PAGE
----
Updated: June 8, 2017 7:12:48 pm
As farmers stage agitations in several states, the importance of implementation of the Swaminathan Commission report has been highlighted. The report that suggests reforms in the interests of farmers is being touted as the solution to the problems of farmers agitating across states.
What is the Swaminathan Commission?
The government of India constituted the National Commission on Farmers (NCF) on November 18, 2004. The NCF was chaired by Professor M.S. Swaminathan. It submitted five reports to the government. The first was submitted in December 2004 and the fifth and final report was submitted on October 4, 2006. The reports had suggestions for “faster and more inclusive growth” for farmers as was envisaged in the Planning Commission’s Approach to 11th Five Year Plan. The fifth report was the most crucial as it contained suggestions for inclusive growth of farmers and agriculture sector. NCF’s Swaminathan Commission Report aimed at working out a system for food and nutrition security, sustainability in the farming system, enhancing quality and cost competitiveness of farm commodities and also to recommend measures for credit and other marketing related steps.
Dr Swaminathan had requested the government to implement the recommendations given in the report so that it could provide minimum support price for grains, safeguard the interest of small farmers and addressing the issue of increasing risk overtaking agriculture as a profession.
What were the Commission’s observations?
The Commission observed that farmers needed to have an assured access to and control over rightful basic resources. These basic resources include land, water, bioresources, credit and insurance, technology and knowledge management, and markets. It observed that agriculture must be implemented in the concurrent list from the state list — hence putting it as a matter of concern for both the Union and the states.
What are the Commission’s key recommendations?
One of the key reforms was, of course, land reforms. It was aimed to address the issue of access to and for both crops and livestock. The commission said that the inequality in landholdings in shown starkly in land ownership. It said that in 1991-92, the share of the bottom 50 per cent of the rural households in the country’s total land ownership was only three per cent. The top 10 per cent owned as much as 54 per cent.
Land Reforms: Distribution of ceiling-surplus and waste lands; prevention of diversion of prime agricultural land and forest to corporate sector for non-agricultural use; to ensure grazing rights are provided and seasonal access is allowed in forests to tribals and pastoralists. It recommended access to common property resources. One main case was establishing a National Land Use Advisory Service. The purpose of this service would be to connect land usage decisions with ecological meteorological and marketing factors.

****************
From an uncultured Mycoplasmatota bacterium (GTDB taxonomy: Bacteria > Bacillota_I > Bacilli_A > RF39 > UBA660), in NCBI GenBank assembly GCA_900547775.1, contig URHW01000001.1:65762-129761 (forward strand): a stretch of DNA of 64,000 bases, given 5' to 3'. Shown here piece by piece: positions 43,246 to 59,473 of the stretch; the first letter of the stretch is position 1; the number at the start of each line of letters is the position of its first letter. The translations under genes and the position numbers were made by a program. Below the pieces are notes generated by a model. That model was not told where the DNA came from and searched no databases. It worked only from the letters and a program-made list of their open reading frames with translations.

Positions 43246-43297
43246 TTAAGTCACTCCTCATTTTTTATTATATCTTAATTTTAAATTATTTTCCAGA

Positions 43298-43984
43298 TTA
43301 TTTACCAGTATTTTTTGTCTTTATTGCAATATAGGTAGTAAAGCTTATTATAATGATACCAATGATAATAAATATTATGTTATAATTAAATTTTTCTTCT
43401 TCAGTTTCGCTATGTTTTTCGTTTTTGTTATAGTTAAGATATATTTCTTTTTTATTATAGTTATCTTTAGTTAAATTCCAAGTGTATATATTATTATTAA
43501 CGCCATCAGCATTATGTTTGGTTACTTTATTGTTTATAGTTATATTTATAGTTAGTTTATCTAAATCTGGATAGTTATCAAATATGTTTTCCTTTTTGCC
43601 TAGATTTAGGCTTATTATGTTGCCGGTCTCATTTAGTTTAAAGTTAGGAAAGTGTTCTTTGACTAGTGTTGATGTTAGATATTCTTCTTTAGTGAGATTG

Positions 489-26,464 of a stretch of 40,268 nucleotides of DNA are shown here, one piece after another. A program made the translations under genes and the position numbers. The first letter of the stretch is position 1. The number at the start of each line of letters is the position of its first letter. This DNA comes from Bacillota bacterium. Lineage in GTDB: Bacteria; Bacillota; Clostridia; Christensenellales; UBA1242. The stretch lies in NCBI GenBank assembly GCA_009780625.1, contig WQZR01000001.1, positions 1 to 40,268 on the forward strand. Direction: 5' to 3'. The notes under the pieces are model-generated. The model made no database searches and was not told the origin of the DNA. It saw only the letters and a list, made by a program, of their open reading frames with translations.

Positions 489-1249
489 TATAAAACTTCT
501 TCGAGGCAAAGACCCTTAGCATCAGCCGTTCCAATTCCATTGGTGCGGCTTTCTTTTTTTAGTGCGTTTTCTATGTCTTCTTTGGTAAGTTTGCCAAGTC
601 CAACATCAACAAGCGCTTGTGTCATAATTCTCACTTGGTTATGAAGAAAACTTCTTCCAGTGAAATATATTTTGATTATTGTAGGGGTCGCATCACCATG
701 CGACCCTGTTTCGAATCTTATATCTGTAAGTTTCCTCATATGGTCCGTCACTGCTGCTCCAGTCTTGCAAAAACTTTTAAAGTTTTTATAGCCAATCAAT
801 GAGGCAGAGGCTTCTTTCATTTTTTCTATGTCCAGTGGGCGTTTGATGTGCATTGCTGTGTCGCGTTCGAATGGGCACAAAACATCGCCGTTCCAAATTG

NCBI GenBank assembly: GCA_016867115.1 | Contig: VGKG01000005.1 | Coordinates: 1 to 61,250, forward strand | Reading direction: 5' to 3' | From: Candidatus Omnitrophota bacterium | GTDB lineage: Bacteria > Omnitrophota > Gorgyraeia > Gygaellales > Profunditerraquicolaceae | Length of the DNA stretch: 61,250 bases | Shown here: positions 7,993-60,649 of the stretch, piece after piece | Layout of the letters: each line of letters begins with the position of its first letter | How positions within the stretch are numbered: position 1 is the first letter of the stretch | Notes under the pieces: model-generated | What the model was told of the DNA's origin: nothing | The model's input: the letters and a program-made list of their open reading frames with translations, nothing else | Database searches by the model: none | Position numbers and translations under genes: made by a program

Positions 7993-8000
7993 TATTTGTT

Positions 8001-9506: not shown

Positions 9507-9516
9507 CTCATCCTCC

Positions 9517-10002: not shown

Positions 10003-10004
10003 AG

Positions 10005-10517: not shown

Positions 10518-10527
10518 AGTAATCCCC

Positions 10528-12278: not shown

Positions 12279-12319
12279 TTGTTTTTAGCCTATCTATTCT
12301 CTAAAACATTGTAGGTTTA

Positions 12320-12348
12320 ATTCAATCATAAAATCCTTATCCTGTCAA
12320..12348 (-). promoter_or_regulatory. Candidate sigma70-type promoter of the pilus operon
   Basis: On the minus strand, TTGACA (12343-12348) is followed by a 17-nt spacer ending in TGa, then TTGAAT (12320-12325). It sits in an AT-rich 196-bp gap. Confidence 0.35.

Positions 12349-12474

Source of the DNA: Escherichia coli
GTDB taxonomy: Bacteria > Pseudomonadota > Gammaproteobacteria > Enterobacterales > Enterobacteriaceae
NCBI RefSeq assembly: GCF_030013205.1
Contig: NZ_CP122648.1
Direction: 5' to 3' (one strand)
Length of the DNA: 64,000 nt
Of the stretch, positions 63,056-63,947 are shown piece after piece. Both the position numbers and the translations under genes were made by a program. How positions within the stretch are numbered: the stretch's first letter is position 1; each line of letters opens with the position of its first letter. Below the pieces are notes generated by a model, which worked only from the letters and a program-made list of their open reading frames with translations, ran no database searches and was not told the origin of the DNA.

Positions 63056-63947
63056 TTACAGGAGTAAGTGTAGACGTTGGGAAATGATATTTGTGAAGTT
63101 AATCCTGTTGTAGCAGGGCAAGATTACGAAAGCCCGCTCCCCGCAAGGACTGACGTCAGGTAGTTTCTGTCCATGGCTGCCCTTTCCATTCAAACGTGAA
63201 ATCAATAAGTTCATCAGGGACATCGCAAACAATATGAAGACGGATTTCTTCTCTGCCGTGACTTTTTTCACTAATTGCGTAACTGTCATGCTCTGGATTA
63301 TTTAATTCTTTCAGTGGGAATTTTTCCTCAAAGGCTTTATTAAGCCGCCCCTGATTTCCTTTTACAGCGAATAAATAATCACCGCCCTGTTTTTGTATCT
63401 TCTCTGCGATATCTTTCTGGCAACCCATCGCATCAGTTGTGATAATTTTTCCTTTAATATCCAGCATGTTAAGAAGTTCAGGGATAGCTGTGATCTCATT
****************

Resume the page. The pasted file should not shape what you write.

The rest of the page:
Irrigation Reforms: It recommended framing a set of reforms to provide farmers with “sustained and equitable” access to water for irrigation. Ensuring boost in water supply by rainwater harvesting, water level recharging by mandatory aquifers; Million Wells Recharge programme to be initiated targeted at private wells. To target increase in investment in irrigation sector under 11th five year plan.
Productivity Growth: NCF said that with the objective of achieving higher productivity growth, it recommended “Substantial increase in public investment in agriculture-related infrastructure particularly in irrigation, drainage, land development, water conservation, research development and road connectivity etc.” It also recommended a national network of advanced soil testing labs with an aim to test areas for apt micronutrient levels.
Credit and Insurance: Expand outreach of formal credit system; reduce crop loan interest rates to 4%; provide moratorium on debt recovery; agricultural risk fund; kisan credit cards for women farmers; integrated credit-cum-crop-livestock human health insurance package; crop insurance across country for all crops with reduced premiums; sustainable livelihoods for the poor, investment in human development; institutional development services etc
Food Security: The commission recommended Implementation of a universal public distribution system; reorganising delivery of nutrition support programmes on a life-cycle basis with panchayat participation and that of local bodies; elimination of micronutrient deficiency induced hunger and food cum fortification; community food and water banks to be operated by women self-help groups; help small and marginal farmers; formulate national food guarantee act with features as food for work and employment guarantee programmes.
Prevention of Farmer Suicides: Providing affordable health insurance at primary healthcare centres in villages; national rural health mission to be extended to suicide hotspots on priority basis; state level farmers’ commissions with representatives of farmers, restructuring of microfinance policies that may serve as a sort of livelihood finance; covering all crops by crop insurance; village to be the assessor and not the block, social security net that gives old age support with health insurance and aquifer recharge and rain water conservation; plans for decentralised water usage etc.
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